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Sunday, December 6, 2009

Hoi Ha Wan

In one fine Sunday, after the kids had done with their homework, we made it to Hoi Ha Wan.

Husband said this one should be an easy and quick trip. So, we don't bother to bring many things along, just the camera, water & bread.

The road to Hoi Ha Wan is 80% identical to the road to High Island Reservoir, except the green minibus will bend into another junction in the restricted area. Within an hour time, we were here, in a mosquito size village.

There is nothing too fascinating about the village, so we walked straight into the woods.

Hoi Ha Wan (海下灣) or Jones Cove is a bay at the north of Sai Kung Peninsula.

We walked further, to the sea shore.

The cow didn't even raise his eye brows to look at the visitors. Apparently, it had get used of the people who come-and-go day-in, day-out.

Hoi Ha Wan is a Marine Park. It is well known as one of the best sea area in Hong Kong with good water quality and diverse marine lives. Coral communities in Hoi Ha Wan Marine Park is one of the best colonies in Hong Kong. Numerous kinds of corals can be ascertained under the sea bed.

In order to keep the local ecosystems away from human intervention, fishing, particularly bottom trawling and uses of dynamites or poisons like cyanides, collecting sea products and corals are prohibited by law.

Besides that, visitor traffic is carefully monitored to prevent uncontrolled tourism putting undue pressure on the sensitive and fragile marine and coastal environments.

This place is also a hot spot for diving.

Think the place is tranquil and quiet?

Well, not exactly. In fact, the beach was over crowded at that time.

We stayed until all the people had left, then we feel its quietness.

The fruit that looks like pineapple at first glance. I don't think it is edible.

We wanted to continue the walk, but the road was blocked. So, we just got to wait nearby until he finished his business.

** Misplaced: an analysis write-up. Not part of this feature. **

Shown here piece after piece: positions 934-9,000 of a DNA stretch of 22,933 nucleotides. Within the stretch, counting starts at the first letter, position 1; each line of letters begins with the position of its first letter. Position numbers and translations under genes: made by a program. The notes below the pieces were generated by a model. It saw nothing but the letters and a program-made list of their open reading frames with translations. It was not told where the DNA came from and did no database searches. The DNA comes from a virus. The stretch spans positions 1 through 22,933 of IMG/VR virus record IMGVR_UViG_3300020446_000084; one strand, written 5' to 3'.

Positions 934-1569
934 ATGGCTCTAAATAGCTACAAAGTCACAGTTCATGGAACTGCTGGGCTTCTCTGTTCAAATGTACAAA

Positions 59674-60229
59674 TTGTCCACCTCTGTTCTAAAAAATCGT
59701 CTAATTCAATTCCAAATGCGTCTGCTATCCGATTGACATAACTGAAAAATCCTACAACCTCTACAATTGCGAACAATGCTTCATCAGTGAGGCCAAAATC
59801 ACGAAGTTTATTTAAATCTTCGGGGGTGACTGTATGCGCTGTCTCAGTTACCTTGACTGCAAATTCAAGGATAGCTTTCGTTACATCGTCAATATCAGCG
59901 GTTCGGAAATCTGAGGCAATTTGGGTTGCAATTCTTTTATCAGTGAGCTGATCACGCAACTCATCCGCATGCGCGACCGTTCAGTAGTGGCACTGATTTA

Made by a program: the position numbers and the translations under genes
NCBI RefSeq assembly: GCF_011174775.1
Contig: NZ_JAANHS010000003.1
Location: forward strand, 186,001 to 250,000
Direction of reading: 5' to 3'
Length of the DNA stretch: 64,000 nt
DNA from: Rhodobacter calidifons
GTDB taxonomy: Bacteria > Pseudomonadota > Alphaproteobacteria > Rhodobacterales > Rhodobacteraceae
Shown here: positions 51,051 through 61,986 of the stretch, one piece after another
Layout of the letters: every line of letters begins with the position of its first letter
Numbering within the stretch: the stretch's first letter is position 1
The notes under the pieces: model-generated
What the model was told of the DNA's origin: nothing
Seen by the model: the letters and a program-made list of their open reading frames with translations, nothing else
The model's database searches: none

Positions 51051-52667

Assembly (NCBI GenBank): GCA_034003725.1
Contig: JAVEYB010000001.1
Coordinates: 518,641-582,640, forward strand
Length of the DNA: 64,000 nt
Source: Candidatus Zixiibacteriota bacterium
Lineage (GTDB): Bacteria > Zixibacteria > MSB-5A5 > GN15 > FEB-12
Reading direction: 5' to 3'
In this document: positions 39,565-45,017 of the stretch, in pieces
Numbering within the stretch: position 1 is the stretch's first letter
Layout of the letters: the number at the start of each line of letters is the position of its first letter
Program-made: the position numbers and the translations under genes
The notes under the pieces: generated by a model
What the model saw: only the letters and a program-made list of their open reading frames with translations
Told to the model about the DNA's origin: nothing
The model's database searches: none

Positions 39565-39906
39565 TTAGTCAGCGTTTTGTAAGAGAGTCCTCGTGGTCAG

We waited here, used this as a shelter, just in case the ox attack us. This is not ordinary debris, but the remnants of lime kiln (石灰窰遺址). There are total 4 limekilns in Hoi Ha Wan but only 2 remain comparatively intact. They are located on the eastern shore of inner Hoi Ha Wan.

Limekiln industry was one of the oldest industries (1800-1939) in Hong Kong, which refined lime from either oyster shells or coral skeletons for construction and agricultural uses. In the processes, limestone, i.e. calcium carbonate, in the shells and corals would be transformed into calcium oxide by means of heating. Yeah, a chemistry student will know about this...

After some time, finally we were on the track to go deeper.

Mangroves can be seen along the track too.

A lonesome jetty to no where.

We took a short break standing on the jetty, just to let the boys to have something to chew on.
The 4 divers who we have seen just now had moved to here. We heard the coach were talking to his crews long-windedly. We stood there for more than 10 min, but we still couldn't see any sign of when they would dive.

A few shots of the surrounding, taken from the jetty point.

Looking back at the beach we were at just now...

We then continue to walk further...

Another 15 minutes walk, we saw this blue-roof house floating on the water. This is Hoi Ha Marine Life Centre. In order to promote marine conservation and provide continuing, hands-on environmental education, WWF has created the Hoi Ha Marine Life Centre. Targeted at secondary school students, was launched in September 2004.

A specially designed shallow draft Glass-bottomed Boat, named the Transparency, is the first of its kind in Hong Kong. It seats 40 passengers in comfort while giving them a rare opportunity to experience Hoi Ha Wan's unique and diverse marine environment.

With the generosity of The Hong Kong Jockey Club Charities Trust, renovation work of the Centre was completed in October, 2007.

We couldn't go inside the Marine Life Centre without permit. Nevertheless, we had decided to turn back at this point.

On the way back...

The sun is almost go down by then...

Told the boys they can make use of this big leaf as an umbrella in the rainy day. They just giggled. What's so funny about this idea?

Everyone has gone now...I think the village has back to its normal quiet state.

The village of Hoi Ha.

A line of people who were waiting for the No.7 green minibus to come to pick us. The bus route is quite frequent, waiting time is about 5-10 min. So, no complaint about it.


Po Yung said...

This is my family's village. My dad is 80 and grew up here but we now live in the UK. Although he still visits every few years, I know showing him your blog will make him very happy as he loves seeing his village so thanks for this.

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